Wiener said the proposed moratorium won’t stop a single eviction.
“It’s only going to undermine our efforts,” Wiener said.
Supervisor Jane Kim, who represents the Tenderloin and South of Market neighborhoods, said Tuesday’s hearing was not so much about the proposed moratorium, but about crafting a plan where San Franciscans can afford to live in the city.
SAN FRANCISCO 49ERS FULLBACK BRUCE MILLER PLEADS NO CONTEST
San Francisco 49ers fullback Bruce Miller pleaded no contest Tuesday to a misdemeanor charge of disturbing the peace involving his ex-fiancee in Santa Clara earlier this year, according to the Santa Clara County District Attorney’s Office.
Miller, 27, entered the plea to in Santa Clara County Superior Court.
On March 5, Miller was in an argument with his former fiancée at the Hyatt House Santa Clara at 3915 Rivermark Plaza, prosecutors said.
The ex-fiancée had no injuries and refused to receive medical attention, according to prosecutors.
She at first told police that Miller pushed her out of a car, took her cellphone and smashed it, but later said that there was no contact between her and Miller, prosecutors said.
A witness sitting in a nearby bagel shop told police she saw Miller and the ex-fiancée argue while walking out of a parking garage and saw Miller throw the phone against an exterior wall, prosecutors said.
The witness allowed the victim to use her phone to call police, according to prosecutors.
Miller will be sentenced in about six months and will have to attend a domestic violence counseling course for 16 weeks, according to prosecutors.
A no-contact protective order remains in place between Miller and the victim, prosecutors said.
“We are satisfied that Mr. Miller is taking steps to address his underlying anger issues,” Deputy District Attorney Tyrone Wilson said in a statement.
“He will hear in his mandated class that domestic violence is unacceptable no matter what the degree of circumstance,” Wilson said.
Miller was drafted by the 49ers in 2011 from the University of Central Florida. Last season, he caught 18 passes for 189 yards and two touchdowns and gained nine yards rushing on six carries.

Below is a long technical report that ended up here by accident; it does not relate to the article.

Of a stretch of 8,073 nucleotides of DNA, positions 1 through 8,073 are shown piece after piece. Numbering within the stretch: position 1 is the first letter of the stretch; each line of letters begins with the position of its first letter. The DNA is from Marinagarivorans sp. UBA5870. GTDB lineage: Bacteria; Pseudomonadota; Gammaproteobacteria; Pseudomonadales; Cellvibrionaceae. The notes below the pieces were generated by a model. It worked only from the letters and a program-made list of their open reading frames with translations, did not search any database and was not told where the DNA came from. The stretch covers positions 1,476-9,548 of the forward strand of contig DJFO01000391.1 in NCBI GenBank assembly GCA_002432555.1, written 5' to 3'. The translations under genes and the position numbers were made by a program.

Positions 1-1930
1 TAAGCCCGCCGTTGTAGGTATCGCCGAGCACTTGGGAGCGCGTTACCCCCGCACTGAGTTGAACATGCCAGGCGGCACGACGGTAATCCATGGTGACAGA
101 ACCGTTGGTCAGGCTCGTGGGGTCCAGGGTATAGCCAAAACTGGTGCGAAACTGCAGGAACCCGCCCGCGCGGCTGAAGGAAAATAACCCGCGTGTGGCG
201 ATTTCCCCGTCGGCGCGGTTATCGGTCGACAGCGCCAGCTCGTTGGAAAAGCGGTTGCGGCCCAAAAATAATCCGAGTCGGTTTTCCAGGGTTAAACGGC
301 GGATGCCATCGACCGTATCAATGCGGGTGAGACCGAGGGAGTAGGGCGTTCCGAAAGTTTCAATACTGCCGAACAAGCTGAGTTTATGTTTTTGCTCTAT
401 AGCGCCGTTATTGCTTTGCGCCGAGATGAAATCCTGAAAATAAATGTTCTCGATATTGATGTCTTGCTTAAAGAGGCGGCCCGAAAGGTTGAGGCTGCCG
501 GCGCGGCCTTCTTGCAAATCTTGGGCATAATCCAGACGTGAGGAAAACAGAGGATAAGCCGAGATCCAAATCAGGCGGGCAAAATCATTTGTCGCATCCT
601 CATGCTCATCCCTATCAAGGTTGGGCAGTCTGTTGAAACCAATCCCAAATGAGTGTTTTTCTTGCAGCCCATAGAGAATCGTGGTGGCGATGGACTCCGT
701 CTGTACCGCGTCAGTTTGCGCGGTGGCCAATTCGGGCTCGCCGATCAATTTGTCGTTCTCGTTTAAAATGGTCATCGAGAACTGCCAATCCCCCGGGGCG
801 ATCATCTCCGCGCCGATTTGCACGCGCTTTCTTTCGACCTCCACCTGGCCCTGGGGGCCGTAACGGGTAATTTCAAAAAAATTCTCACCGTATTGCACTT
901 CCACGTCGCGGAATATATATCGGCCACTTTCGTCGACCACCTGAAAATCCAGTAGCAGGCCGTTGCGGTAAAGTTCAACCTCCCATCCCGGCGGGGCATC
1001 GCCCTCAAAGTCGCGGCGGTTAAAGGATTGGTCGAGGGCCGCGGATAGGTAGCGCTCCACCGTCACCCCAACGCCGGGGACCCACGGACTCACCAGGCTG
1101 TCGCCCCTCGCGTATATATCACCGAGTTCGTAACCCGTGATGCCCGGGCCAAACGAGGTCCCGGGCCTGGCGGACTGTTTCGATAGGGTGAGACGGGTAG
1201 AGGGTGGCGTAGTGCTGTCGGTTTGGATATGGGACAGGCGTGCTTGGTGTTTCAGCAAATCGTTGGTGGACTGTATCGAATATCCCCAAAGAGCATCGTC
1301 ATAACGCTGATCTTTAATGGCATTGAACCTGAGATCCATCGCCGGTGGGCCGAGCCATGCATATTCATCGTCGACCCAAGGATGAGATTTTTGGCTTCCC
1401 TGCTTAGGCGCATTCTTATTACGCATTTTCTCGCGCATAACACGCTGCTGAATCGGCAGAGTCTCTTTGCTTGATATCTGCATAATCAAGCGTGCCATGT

BART SERVICE TO BE SUSPENDED BETWEEN FRUITVALE AND COLISEUM STATIONS THIS WEEKEND AND NEXT FOR TRACK WORK
BART service will be suspended between the Fruitvale and Coliseum stations in Oakland again for parts of this weekend and next to allow for ongoing track repair work.
The closures, scheduled to run until noon on Saturday June 6 and Sunday June 7 and on Saturday June 13 and Sunday June 14, will allow BART work crews to replace a switch in the area that is in poor condition, forcing trains to reduce speed in the area.
In addition, workers will replace a section of track with worn-out wooden ties.
On Saturday June 6, there will also be no service between Fremont and Daly City, which means that passengers traveling north from Fremont will need to use a Richmond train and then transfer to reach their destination.
Overall frequency and capacity will also be reduced during the closures, trains will not follow published schedules or timed transfer and digital signs might give incorrect information.
BART and AC Transit will provide a free bus between the two stations, but travelers should expect delays of up to 30 to 60 minutes. Passengers are advised to avoid traveling between the two stations wherever possible.
Service between the Coliseum station and Oakland International Airport will be operating normally.
BART plans to provide normal service during Sunday’s Golden State Warriors playoff game at Oracle Arena, spokesman Taylor Huckaby said today.